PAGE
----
Mary E. Andrews CUSHING, Maine — Everybody called her mom, everybody. Mary was a schoolteacher most of her adult life, and when she taught at U-32 High School in East Montpelier, Vermont, everybody called her mom. Three of her children were students at this school, where they shared her willingly with her students. She was that kind of person, that kind of teacher, that kind of caring person — the one who teaches you so much more than what’s in the classroom. Mary Elizabeth Perrin was born in Greensboro, Vermont, on Oct. 2, 1929. She grew up in Greensboro with her mother, Dorothy Willey Perrin; her father, J. Newton Perrin III; and her younger brother, Edward Perrin. Eventually, they moved to Plainfield, Vermont. That’s where she met a boy who would later become her boyfriend, fiancé then husband of 64 years, Paul Andrews. According to family legend, Mary rebuffed Paul for several years until after they graduated from high school. Their graduating classes weren’t too large, in the mid-teens, so everybody got to know each other pretty well. In fact, Mary grew friendships in Plainfield that endured for decades. Those decades of friendship, love and support defined what Mary meant to others. After graduating from Green Mountain College, she finished her bachelor's degree at Boston University. She and Paul married soon thereafter, in 1951, and moved to Bristol, Vermont. There, they both started their careers of teaching; Paul didn’t last long, but Mary sure did. They also started their family and eventually had four children. Mary was a teacher for more than a decade until she moved to managing the records department at Goddard College in Plainfield. Although she enjoyed her work there, she longed to return to teaching, which she eventually did at U–32 High School in East Montpelier in 1974. Once the last of her four children finished high school in 1978, Mary and her husband moved to Gay Island in Cushing. She and Paul lived on the island for most of the year, moving off in the winter months. Every day, he took her by boat over to the mainland, she hopped into her car, and went off to work. Some days, the tides were not kind, and falling into the flats mud was always a possibility. Mary worked at FMC as an office manager in Rockland until her retirement in 1995. While living in Cushing, she reveled in many community activities, centering mostly around the church. She loved being involved in many church related activities, including the annual fair, public suppers and the sewing group. She also volunteered weekly at the Cushing Community School, cooking with the kindergarten students. In fact, She enjoyed these activities with two of her grandchildren. She also enjoyed so much singing with the Down East Singers for many years, one of the few altos in the group. In 2015, Mary lost Paul, and she then lived alone in their house in Cushing, next door to one of her children, his wife and two grandchildren. Just two years ago, she moved into assisted living, needing that level of care, and then to the adjoining nursing facility in Camden. She is lovingly survived by her brother, Edward Perrin, and her sister-in-law, Carol Perrin, who live in Seattle, Washington. Mary’s oldest daughter, Jody Dewey, and her husband, Bruce Dewey, live in Granby, Connecticut. Her daughter, Evan Andrews, lives in Westfield, Massachusetts. Her son, Kevin Andrews and wife Suzy Andrews, live in Cumberland. And her son, Loren Andrews and wife Rita Furlow, live in Cushing. Mary had seven grandchildren and three great-grandchildren, spanning in age from 2 years to 37 years old. A celebration of her life has been set for Saturday, Sept. 21, at 11 a.m., at the Broad Cove Community Church in Cushing. Whether or not you can attend, please join us — her family — in remembering this loving, caring, giving and wonderful woman, Mary Andrews, who passed away July 23, 2019. Hall’s of Thomaston has care of the arrangements. To extend online condolences visit Hallfuneralhomes.com.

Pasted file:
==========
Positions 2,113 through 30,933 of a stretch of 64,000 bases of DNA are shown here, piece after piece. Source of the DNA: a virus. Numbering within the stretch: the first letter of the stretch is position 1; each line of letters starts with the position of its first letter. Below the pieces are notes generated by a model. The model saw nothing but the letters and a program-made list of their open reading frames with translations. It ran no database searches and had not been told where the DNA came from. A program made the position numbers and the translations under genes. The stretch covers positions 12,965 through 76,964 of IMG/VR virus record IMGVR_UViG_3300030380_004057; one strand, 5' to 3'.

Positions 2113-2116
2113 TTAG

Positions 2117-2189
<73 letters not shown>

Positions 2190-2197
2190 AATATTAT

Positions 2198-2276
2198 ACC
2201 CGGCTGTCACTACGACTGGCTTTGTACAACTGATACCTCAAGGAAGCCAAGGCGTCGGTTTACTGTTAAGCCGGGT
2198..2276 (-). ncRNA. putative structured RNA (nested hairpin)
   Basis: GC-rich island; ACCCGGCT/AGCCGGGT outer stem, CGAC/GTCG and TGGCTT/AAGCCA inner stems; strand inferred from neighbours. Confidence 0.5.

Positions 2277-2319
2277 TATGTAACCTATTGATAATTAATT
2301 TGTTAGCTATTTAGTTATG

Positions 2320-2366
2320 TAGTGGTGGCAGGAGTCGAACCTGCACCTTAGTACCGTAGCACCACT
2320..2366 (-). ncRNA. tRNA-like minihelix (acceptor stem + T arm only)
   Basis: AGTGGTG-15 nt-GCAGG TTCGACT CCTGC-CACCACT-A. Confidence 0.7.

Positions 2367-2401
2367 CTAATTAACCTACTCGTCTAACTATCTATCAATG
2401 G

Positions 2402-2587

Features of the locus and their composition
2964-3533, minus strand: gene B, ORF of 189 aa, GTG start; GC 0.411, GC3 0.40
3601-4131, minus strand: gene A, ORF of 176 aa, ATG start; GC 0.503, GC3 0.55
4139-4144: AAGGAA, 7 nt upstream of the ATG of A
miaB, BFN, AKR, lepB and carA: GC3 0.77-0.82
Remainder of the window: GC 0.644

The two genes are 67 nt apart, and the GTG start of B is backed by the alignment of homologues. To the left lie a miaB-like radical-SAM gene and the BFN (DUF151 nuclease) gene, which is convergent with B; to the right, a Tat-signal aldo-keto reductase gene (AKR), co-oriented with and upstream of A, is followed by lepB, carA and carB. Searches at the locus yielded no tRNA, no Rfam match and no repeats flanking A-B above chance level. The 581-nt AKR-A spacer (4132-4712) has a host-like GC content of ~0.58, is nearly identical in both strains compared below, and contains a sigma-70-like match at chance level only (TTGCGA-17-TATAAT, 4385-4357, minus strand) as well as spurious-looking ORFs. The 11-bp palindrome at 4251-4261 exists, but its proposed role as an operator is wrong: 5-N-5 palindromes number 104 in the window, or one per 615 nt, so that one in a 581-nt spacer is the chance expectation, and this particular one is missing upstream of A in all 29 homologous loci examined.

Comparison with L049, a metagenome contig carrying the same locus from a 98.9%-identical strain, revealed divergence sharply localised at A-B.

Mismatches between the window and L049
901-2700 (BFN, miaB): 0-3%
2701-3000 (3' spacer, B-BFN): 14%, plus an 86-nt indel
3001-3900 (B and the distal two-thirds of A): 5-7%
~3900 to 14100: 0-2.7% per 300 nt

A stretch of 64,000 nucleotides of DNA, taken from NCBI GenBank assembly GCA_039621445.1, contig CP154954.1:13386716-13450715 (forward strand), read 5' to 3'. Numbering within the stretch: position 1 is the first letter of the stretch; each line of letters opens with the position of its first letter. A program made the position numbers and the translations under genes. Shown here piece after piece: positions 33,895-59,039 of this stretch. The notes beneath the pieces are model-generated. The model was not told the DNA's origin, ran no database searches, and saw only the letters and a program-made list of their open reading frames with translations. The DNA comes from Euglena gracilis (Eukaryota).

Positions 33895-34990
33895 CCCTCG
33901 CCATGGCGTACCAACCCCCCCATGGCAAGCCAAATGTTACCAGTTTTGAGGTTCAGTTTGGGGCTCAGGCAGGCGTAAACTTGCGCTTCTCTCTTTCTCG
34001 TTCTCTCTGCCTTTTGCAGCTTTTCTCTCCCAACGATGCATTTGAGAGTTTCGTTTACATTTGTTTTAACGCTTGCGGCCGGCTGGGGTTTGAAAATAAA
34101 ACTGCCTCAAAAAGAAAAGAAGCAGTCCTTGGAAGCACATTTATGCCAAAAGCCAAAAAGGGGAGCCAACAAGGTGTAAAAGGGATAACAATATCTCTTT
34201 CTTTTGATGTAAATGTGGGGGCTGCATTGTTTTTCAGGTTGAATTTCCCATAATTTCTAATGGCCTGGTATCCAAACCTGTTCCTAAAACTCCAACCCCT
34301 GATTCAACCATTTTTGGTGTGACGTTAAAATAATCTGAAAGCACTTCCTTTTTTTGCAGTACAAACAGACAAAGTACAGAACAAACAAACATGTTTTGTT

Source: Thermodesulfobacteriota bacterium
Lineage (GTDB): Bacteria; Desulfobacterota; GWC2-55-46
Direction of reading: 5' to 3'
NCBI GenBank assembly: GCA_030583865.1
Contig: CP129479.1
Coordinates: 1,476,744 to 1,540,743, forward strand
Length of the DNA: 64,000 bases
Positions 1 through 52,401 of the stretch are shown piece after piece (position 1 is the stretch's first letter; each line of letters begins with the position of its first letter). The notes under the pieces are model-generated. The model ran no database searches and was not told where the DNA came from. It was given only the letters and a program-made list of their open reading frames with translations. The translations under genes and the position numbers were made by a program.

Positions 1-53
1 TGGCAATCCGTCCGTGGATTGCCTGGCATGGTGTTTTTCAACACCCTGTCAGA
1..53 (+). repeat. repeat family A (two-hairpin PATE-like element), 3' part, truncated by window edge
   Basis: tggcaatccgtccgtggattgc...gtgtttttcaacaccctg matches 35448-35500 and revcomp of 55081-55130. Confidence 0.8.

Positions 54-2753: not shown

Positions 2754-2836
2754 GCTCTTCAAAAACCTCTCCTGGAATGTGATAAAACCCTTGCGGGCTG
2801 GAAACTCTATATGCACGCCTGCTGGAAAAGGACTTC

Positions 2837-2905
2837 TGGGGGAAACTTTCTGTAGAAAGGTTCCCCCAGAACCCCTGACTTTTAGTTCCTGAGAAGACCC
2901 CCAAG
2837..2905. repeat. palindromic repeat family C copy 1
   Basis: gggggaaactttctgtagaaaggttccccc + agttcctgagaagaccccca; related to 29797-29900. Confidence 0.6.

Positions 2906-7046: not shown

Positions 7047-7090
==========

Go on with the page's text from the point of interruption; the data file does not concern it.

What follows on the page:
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Mrs. Andrews(that's what we called her, even at U-32)was a wonderful teacher & person. She was someone I wanted to behave for...most of the time. :) Loren, I am really sorry for your loss. It sounds like she had a good life. I'm glad.

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